Unlocking the massive value of a well-focused squad with Discovery Teams

Focus on Doing the Right Things, not Doing Things Right

Management is doing things right; leadership is doing the right things — Peter Drucker

At its simplest, excellent product development is the high-quality execution of well-chosen opportunities. But I believe you unlock the most value from choosing the right thing to build, rather than executing a poor choice flawlessly.

Prioritisation is the most value-creating activity in any company. Generating ideas and executing things is, of course, also important! But what I’ve seen to set apart great teams from good is a brutal focus on prioritisation.

In 2019 we were not discovering enough to prioritise well. This lack of robust discovery work was in part due to a scarcity of design, analytics and insights resources. But it was also because we did not choose to spend more time validating our instincts.

Unlocking Opportunity Discovery

In growth, we had much to learn about our new domain. We were the first in Gousto to approach onboarding and engagement systematically, but our product manager Nico was the bottleneck on research. He didn’t have enough time to explore new opportunities, and while product time was a constraint, commercial stakeholder time wasn’t. I had a team of six highly motivated and skilled growth managers who had time to devote to discovery alongside their other work.

GM = growth manager, but might be any other commercial stakeholder

The Three Critical Components of Discovery Teams

1. Tightly-aligned discovery groups

We compose DTs with the minimum number of people required to investigate an opportunity properly. However, we always include engineers from squads that will deliver the work, as well as a product manager and a designer. Different individuals may be more or less involved at various stages of the DT’s lifecycle, but each person needs to be aligned and aware of direction at all times.

Two examples of teams we created
  • Fully-aligned stakeholders. Each relevant stakeholder is close to the research and decisions of the group.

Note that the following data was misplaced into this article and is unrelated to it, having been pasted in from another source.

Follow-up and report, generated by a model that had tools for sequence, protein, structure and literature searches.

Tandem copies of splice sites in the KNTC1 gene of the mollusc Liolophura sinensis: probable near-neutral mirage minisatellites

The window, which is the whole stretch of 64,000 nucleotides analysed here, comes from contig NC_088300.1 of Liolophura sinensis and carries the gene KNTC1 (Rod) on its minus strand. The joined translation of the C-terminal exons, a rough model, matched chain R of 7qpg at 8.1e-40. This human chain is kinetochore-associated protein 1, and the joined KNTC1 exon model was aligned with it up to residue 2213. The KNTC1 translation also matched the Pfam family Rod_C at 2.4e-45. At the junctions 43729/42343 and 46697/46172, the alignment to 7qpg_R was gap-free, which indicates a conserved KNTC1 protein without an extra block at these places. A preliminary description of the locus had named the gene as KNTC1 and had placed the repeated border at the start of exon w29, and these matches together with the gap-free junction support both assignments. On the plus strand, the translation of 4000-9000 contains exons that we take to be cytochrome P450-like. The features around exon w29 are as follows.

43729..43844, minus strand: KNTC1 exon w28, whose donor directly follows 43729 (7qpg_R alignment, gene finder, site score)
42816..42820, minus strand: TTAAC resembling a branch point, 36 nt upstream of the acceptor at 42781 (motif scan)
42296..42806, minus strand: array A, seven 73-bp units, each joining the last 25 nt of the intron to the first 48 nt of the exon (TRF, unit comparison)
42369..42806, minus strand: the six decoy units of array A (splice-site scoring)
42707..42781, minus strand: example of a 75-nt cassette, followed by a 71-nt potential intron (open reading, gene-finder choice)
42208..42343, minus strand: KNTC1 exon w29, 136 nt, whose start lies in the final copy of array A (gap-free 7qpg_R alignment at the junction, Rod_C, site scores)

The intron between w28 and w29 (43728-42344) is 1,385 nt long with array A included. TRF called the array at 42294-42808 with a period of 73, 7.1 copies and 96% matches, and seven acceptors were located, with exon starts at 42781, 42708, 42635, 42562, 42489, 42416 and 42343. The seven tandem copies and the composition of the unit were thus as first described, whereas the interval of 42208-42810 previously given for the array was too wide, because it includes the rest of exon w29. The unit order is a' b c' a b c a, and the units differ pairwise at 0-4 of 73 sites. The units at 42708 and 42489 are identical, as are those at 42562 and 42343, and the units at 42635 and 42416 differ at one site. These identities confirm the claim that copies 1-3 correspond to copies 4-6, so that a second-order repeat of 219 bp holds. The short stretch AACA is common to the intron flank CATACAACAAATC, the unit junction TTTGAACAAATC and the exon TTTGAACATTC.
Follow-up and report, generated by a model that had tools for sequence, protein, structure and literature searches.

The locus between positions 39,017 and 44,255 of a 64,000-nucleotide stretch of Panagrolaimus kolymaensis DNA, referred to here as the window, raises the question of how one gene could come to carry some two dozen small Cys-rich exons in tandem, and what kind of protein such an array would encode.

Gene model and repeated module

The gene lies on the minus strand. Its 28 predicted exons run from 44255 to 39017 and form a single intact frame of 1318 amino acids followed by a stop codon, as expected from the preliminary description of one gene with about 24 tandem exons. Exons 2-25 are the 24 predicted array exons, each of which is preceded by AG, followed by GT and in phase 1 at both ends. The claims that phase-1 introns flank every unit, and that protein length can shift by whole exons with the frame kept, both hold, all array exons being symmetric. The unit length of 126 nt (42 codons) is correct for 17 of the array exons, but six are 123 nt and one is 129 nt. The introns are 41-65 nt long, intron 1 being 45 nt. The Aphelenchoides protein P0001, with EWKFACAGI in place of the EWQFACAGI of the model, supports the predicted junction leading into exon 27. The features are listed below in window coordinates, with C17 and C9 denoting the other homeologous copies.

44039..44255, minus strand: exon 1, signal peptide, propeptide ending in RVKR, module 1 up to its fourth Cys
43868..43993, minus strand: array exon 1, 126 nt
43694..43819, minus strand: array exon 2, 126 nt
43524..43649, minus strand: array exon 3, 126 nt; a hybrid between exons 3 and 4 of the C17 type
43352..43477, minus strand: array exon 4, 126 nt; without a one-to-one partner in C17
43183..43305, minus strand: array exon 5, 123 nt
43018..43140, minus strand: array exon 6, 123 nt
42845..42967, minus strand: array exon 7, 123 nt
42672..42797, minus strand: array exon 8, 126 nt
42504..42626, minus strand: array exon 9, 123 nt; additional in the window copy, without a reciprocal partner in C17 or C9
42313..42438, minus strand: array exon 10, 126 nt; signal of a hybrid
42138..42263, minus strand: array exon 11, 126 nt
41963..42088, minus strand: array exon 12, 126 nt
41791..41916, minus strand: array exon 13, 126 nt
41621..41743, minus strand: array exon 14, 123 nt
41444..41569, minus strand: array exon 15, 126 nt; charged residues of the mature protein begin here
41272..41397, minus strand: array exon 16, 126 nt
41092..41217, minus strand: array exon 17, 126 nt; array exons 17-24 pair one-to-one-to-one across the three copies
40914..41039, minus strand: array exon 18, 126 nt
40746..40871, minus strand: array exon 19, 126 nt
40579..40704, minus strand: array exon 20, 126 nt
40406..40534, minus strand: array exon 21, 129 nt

• Better developer engagement. Engineers can see work from initial opportunity validation to final build, and contribute to the process.

2. Structured ceremonies

We expect each discovery team to run a structured fortnightly meeting, covering:

  • Updates from workstreams in DT remit
  • Timeline review (more on this later)
  • Decisions or discussion points
  • Actions and next steps
  • Rigorous action-setting and completion cadence. Clear actions and timelines from each meeting ensure we are always on track to achieve our goals. Teams get addicted to the momentum that these forums provide.
  • Forums provide concise updates to others. Key stakeholders, including product and commercial tribes leads, are kept up to date with actions and summaries of these meetings. Anyone else can drop in to get updates too.

3. Agile discovery roadmaps with clear targets

We give each discovery team clear targets for their work. These targets either outline what they need to learn in a quarter (learning OKRs) or recognise that they will need to discover value for teams to deliver in future quarters (delivery OKRs). Teams use agile roadmaps to work back from these goals and ensure their work is ready for prioritisation at the right time. These roadmaps also make it clear when the team expects to involve insights, design or tech. Once these expectations are clear, we can plan to ensure every team gets the support they need.

Benefits of agile discovery roadmaps
  • We effectively manage insights and design resourcing. Discovery teams present plans of what insights, analytics, or user testing they might need to achieve their goals. Once we know these plans across all teams, we can unblock resource bottlenecks by shifting timings around or making sensible prioritisation decisions.

Saying “no” With Gousto

Discovery teams have surfaced and validated so many great opportunities that our product teams cannot prioritise each one, even though they are all supported by meaningful data. We think this is great. We want to make these hard decisions, and give a well-rationalised “no” to a lot of opportunities to focus on the best ones.

People think focus means saying yes to the thing you’ve got to focus on. But that’s not what it means at all. It means saying no to the hundred other good ideas that there are. You have to pick carefully. I’m actually as proud of the things we haven’t done as the things I have done. Innovation is saying ‘no’ to 1,000 things.

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